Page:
Half of a Yellow Sun is named after the emblem for Biafra, worn on the sleeves of soldiers fighting the war. This three year war has been consigned to distant memory for most of the world and the word Biafra synonymous with starving, large bellied children in Africa.
Chimamanda Ngozi Adiche has done an excellent job of bringing the war back to the attention of the world whilst telling a beautifully written story. The account of history, which members of her family experienced, is related through these five wonderful characters in a moving and empathetic manner. She has captured the human condition well: during times of suffering some find a deep inner strength whereas others flounder and surrender, unable to cope. The changes in each of the characters also reinforce that although we often have little control over external circumstances we do have a choice in our personal response to them. An inspirational read
Posted on July 20, 2015
One definition of mindfulness: “The quality or state of being conscious or aware of something”.
I find that with each passing birthday since graduating to the wrong side of fifty I can’t forget anything or lose an item without thinking that I’m getting old and losing my memory (and my family readily agree). It’s true that I have a particularly irritating issue with my mobile phone. Due to an absence of pockets in my clothing I’m constantly moving the phone to different locations and then not remembering where I last left it.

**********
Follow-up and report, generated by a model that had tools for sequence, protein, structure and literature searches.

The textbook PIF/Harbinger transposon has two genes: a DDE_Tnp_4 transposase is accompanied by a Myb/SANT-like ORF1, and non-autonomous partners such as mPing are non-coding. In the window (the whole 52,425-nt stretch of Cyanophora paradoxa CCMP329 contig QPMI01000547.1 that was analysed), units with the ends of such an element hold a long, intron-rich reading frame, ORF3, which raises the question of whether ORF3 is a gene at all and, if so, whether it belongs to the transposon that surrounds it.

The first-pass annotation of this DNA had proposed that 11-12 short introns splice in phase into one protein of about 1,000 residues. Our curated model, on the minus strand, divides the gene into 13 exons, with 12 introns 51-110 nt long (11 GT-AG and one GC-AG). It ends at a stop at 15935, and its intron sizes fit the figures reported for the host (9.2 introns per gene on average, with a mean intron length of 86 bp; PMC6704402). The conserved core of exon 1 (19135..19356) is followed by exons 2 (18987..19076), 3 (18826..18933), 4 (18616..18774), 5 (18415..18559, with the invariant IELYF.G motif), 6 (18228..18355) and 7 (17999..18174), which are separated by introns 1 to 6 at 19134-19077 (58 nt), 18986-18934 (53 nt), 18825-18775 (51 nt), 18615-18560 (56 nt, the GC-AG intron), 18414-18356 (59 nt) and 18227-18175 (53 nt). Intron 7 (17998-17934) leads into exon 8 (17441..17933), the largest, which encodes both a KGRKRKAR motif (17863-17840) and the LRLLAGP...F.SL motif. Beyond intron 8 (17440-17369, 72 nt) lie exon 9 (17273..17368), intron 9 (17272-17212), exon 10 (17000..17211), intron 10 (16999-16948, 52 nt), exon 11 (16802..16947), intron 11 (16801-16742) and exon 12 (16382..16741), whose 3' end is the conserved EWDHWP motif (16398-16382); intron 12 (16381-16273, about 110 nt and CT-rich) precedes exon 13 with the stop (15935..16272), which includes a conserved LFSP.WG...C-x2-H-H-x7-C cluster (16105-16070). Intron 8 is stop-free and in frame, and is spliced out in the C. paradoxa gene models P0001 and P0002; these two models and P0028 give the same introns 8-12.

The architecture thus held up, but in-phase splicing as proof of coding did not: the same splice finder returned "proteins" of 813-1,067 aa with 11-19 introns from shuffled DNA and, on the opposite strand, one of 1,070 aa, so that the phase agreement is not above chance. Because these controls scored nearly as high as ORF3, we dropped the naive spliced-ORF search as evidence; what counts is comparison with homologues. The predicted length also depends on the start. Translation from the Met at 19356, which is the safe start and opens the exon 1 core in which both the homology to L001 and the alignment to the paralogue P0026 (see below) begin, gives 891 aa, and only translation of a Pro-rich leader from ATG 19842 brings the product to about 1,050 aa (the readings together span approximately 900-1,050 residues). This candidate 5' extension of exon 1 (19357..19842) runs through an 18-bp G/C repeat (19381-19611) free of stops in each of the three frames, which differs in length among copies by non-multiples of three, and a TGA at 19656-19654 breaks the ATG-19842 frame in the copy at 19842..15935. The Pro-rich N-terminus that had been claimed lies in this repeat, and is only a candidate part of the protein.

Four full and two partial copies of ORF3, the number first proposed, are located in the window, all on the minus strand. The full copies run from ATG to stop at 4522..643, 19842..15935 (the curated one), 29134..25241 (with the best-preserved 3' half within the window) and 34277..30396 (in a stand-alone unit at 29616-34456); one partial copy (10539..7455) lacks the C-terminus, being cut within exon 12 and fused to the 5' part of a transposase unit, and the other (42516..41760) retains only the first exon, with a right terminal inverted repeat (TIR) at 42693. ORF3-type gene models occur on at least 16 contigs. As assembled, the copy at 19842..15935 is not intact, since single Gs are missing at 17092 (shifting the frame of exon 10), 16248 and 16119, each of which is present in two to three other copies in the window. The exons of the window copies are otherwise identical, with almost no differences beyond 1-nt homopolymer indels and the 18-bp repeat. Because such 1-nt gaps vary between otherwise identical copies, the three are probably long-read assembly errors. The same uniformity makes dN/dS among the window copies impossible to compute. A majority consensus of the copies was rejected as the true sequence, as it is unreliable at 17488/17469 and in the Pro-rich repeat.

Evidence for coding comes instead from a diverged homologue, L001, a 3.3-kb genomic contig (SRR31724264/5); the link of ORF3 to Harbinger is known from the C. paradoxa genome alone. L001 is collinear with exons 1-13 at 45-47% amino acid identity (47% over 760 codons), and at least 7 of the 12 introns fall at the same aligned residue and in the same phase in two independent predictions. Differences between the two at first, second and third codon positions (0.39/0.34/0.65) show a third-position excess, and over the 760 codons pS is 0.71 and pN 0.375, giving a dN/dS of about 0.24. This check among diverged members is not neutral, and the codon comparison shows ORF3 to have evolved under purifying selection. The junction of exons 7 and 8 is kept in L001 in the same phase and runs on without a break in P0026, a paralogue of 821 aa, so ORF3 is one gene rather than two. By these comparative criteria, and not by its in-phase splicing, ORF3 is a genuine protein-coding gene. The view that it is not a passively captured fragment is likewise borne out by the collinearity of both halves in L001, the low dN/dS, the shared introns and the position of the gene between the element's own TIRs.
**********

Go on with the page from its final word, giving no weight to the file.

I know friends that have a similar problem with their reading glasses – and yes, I am aware that reading glasses are the need of the ageing! But when I look back at my younger days, I used to ‘lose’ things then. All the time. I was never accused of getting old. My adult children frequently dash around the house while getting ready for a night out because they can’t remember where a particular pair of shoes are, or they can’t find their Oyster card.
I have gone along with the annoying quips of ‘Alzheimer’s’ and ‘old age’, even to the extent of believing it myself, until I recently read a book by P.D. Ouspensky called Conscience – the search for the truth. At the very beginning of the book Ouspensky links consciousness with ‘self-remembering’. This means being aware of yourself, and the things that you do, which is analogous to that of mindfulness and present moment awareness. These topics are very trendy at the moment but from what I can understand it’s very similar to the basic concept of what my mum used to call ‘paying attention’.
Where am I going with all this you wonder?